in the morning, no differences between ADHD and non-ADHD kids, but in
the afternoon, less activity for non-ADHD and more active for ADHD
motor excess and restlessness are more likely to occur in highly structured
situations that demand children to sit still and regulate their behaviour
Impulsivity
deficiency in inhibiting behaviour, holding back, or controlling behaviour
activities that require patience or restraint are not well accomplished.
child is usually judged as irresponsible, immature, lazy, or rude
stop task is a measure used: 2 sorts of stimuli are presented, and keys are to
be pressed once they are shown, but sometimes, the key presses are to be
withheld when a special signal (tone) comes on, the child must rapidly inhibit
Description: Secondary Features
Motor Skills
motor incoordination affect about half of children with ADHD
difficulties shown in clumsiness, delay in motor milestones, poor performance in
sports, and the like
children with ADHD appear affected when tasks involve complex movement and
sequencing - higher order control (organization and regulation of behaviour)
Intelligence, Academic Achievement
children with ADHD perform lower on intelligence tests (avg of 9 points lower)
they exhibit a range of general intelligence, including into the gifted range
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preacademic school deficits have been shown in preschoolers with ADHD
low achievement tests scores (56% need tutoring), low school grades, being
held back a year (30%), placement in special education classes (30-40%)
Cognition: Executive Functions
exhibit deficits on experimental and neuropsychological tasks that are interpreted
as difficulties in executive functions (refer to several cognitive processes
necessary for goal-directed behaviour)
ie. planning, organizing actions, and self-regulation
associated with frontal areas of the brain and their connections
Adaptive Functioning
deficits in self-care and independence are sometimes impaired
many engage in more immature behaviour than what their abilities seem to
warrant, and require greater adult monitoring
ADHD might be best seen as a disorder of “doing” rather than “knowing”
Social Behaviour and Relationships
their behaviour is usually seen as negative by others, and have difficulty with peer
relationships
when this is combined with noncompliance and aggression, this is more serious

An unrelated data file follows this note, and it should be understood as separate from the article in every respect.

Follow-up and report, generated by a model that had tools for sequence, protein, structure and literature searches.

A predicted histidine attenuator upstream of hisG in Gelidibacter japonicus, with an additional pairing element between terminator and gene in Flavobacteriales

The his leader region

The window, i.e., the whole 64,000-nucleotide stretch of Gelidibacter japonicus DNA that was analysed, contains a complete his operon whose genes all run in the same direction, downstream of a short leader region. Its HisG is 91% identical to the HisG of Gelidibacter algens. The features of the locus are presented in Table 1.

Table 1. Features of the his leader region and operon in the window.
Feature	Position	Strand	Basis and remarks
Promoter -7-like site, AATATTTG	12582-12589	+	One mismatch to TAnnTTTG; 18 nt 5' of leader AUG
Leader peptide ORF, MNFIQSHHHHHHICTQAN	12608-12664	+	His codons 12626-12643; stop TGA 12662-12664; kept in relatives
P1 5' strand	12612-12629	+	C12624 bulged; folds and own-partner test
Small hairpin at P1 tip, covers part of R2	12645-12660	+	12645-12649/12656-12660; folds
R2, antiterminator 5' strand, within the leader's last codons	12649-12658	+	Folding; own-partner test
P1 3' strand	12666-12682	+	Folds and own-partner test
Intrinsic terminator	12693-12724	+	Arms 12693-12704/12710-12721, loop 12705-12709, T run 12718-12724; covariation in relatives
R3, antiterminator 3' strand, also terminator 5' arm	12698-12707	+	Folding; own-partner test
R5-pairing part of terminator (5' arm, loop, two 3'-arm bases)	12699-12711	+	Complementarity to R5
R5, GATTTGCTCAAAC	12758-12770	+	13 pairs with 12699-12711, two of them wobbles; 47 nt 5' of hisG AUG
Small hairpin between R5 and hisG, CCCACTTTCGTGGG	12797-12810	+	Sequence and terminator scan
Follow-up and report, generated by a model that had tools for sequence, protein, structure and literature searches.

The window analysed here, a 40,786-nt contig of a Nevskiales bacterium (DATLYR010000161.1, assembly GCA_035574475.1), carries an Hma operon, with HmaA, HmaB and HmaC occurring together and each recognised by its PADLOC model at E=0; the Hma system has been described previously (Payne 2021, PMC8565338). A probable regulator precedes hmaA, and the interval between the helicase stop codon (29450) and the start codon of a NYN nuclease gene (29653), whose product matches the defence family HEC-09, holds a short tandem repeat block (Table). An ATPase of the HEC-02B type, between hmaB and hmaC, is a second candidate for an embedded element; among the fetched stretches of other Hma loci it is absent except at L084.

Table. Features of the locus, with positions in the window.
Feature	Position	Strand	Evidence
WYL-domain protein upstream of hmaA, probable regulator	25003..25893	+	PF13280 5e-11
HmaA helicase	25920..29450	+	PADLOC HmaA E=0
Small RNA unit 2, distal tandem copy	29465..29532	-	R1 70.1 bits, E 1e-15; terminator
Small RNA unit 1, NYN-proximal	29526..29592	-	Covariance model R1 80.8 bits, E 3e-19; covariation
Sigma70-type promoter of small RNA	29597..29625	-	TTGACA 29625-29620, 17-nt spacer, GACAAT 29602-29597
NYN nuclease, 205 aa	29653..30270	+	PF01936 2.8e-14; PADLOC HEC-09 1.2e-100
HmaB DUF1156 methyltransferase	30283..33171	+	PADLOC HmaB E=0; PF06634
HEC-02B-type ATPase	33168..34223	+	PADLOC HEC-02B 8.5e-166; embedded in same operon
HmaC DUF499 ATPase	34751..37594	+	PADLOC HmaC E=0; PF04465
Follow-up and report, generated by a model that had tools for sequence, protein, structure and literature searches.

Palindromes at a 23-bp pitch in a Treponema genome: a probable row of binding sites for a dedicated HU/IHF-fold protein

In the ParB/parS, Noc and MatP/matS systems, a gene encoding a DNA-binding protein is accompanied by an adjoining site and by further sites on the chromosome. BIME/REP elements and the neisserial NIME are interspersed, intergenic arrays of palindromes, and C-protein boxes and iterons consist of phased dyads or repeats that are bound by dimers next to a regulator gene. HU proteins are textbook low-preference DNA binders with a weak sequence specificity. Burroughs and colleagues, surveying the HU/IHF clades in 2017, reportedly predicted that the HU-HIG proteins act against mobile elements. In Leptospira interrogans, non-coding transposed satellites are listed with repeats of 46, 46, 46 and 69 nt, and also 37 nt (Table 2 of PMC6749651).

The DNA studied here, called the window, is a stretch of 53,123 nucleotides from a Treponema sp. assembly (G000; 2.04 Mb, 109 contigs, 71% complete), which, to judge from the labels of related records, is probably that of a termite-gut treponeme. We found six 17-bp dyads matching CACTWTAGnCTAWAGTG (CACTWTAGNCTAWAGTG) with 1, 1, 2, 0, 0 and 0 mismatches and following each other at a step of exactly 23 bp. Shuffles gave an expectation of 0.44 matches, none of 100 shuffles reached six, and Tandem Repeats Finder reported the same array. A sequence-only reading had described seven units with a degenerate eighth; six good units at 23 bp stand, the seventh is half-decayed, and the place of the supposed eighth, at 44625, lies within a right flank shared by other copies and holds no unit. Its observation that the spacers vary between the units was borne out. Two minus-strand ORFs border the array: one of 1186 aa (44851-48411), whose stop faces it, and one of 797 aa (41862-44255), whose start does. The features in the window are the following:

inadequately process social-emotional cues - they may know what is appropriate,
but be unable to enact the proper behaviour (especially when excited or irritated)
sometimes have social goals that can create problems
ie. their definition of fun is to the extent that they are willing to break rules
may be unaware of their negative impact to others, may rate their relationships as
overly positive, and overestimate the degree to which they are liked by others
Peer and teacher relations
have trouble keeping and making friends, often disliked by peers
viewed as disruptive and unpredictable and react with rejection and withdrawal
negative reactions apply more strongly to children who are impulsive and
hyperactive, those with only attention problems tend to be ignored or neglected
troubles with peer relations can sometimes initially show up in adolescence
teachers of young children associated all subtypes of ADHD with less
cooperation and fewer other positive behaviours, and they associated
hyperactivity-impulsivity with disruptive and less self-controlled behaviour
teachers tend to be directive and controlling when interacting with children with
ADHD
Family relations
parent-child conflict: parents being less rewarding and more negative and
directive (mother-child appear to be more difficult that father-child)
evidence shows that mothers give more commands and rewards to children,
and that interactions are more emotional and rancorous
have more arguments, negative communications, and hostility
parenting stress becomes apparent, lowered sense of parenting, competence,
decreased contact with extended family, increased alcohol use, and increased
rates of marital conflict, separation and divorce
parents of youth with ADHD are themselves at genetic risk for a variety of
problems, including the symptoms of ADHD